Taliban publicly flog 72 individuals in two months

A public flogging event by Taliban in Parwan province. Dec. 2022.

Taliban have publicly flogged 72 people in 17 provinces over the past two months, according to data collected by Amu.

The data was collected from Taliban-run supreme court statements from April 1 to May 25.

The individuals were punished for alleged crimes including robbery, moral corruption and fleeing from home.

According to Amu’s findings, the provinces of Khost, Paktika, Kandahar, Ghazni, Nimroz, Zabul, Jawzjan, Kabul, Faryab, and Badakhshan recorded the highest number of flogging sentences during this period.

Taliban-run Supreme Court cited crimes such as robbery, moral corruption, running away from home and exploitation as reasons for the floggings.

Khost province had the highest number of flogging sentences during this period, with at least 15 individuals publicly lashed on charges of robbery, sodomy, and adultery between April 1 and 30.

Reports from the Taliban-run Supreme Court indicate that the southern and southeastern provinces of Afghanistan have had the highest number of flogging sentences compared to the northern, central, and western provinces.

People criticized the Taliban’s approach, offering different narratives about their behavior.

“Taliban flog men and women in public in all provinces of Afghanistan. Sports fields have turned into places for flogging, and the world should not remain silent about all this,” said Sabira Ahmadi, a resident of Kabul.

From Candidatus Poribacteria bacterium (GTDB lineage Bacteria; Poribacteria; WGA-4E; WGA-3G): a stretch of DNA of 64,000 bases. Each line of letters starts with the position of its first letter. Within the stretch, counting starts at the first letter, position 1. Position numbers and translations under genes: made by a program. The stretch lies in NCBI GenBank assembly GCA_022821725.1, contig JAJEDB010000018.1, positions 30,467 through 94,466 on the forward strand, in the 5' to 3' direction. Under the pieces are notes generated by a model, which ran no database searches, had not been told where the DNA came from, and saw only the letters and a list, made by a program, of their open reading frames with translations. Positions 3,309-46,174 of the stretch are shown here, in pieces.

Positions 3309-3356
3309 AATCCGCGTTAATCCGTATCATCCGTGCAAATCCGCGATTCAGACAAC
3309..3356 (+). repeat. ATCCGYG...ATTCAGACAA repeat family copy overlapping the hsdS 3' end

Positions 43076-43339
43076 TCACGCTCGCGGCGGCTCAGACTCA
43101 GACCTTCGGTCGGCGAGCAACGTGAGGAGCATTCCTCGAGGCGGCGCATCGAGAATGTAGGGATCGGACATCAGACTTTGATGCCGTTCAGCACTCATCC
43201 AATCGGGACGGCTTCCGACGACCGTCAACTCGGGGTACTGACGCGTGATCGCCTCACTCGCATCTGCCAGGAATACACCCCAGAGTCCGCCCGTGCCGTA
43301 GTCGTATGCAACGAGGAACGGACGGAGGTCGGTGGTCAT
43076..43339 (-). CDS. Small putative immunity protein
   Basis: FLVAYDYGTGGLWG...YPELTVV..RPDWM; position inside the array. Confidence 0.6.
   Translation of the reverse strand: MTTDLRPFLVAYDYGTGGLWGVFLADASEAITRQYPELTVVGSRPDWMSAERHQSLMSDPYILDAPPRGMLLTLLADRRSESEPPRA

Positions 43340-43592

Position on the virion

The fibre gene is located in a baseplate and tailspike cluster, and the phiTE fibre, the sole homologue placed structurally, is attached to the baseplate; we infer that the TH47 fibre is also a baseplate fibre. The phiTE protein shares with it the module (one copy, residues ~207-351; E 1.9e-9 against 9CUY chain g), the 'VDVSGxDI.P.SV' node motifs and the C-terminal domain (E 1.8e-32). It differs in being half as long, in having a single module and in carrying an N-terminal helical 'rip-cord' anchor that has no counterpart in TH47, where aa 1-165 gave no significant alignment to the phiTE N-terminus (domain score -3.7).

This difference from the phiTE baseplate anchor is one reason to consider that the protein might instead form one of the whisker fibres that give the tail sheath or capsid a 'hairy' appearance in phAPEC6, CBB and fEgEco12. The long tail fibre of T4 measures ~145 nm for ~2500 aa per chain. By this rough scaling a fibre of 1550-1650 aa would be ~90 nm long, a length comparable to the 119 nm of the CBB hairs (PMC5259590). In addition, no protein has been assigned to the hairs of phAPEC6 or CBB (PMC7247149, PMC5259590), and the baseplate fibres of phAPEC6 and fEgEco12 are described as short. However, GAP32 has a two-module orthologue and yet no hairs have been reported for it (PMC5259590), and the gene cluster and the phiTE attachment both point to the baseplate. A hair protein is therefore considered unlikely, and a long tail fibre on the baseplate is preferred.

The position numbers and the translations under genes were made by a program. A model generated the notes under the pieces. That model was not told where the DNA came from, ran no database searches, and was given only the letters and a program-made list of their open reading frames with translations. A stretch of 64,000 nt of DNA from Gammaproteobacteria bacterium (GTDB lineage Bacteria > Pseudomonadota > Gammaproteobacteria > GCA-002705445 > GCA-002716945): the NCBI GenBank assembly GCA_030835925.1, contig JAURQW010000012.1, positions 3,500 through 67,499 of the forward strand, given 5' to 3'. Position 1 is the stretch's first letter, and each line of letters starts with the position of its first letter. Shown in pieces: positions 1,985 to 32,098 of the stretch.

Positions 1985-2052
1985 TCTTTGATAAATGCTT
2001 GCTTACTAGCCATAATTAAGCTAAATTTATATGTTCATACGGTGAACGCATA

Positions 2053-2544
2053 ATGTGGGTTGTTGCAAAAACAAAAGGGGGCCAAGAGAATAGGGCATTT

“Taliban today are no different from before. They flog people, prevent education and impose whatever they want on people by force. People should not remain silent in the face of all this oppression,” said Mohammad Maqim, a resident of Balkh.

Human rights activists consider Taliban’s policies to be in contrast with human rights norms.

“Taliban have no definition of justice and impose whatever they want on the people of Afghanistan in the name of Sharia,” said Maryam Marouf Arwin, a women’s rights activist.

Analysts criticised the Taliban’s judicial structures and the implementation of their rulings, believing that their judgments in criminal matters are not law-based.

Taliban has previously carried out five executions, which also sparked strong reactions from human rights defenders.

Taliban started public corporal punishments in December 2022 when their leader issued a decree in this regards. Since then, hundreds of individuals have been lashed in public in various provinces.

Taliban’s response has consistently been that the rights of all citizens are ensured within the framework of Sharia and that others should not interfere in their internal affairs.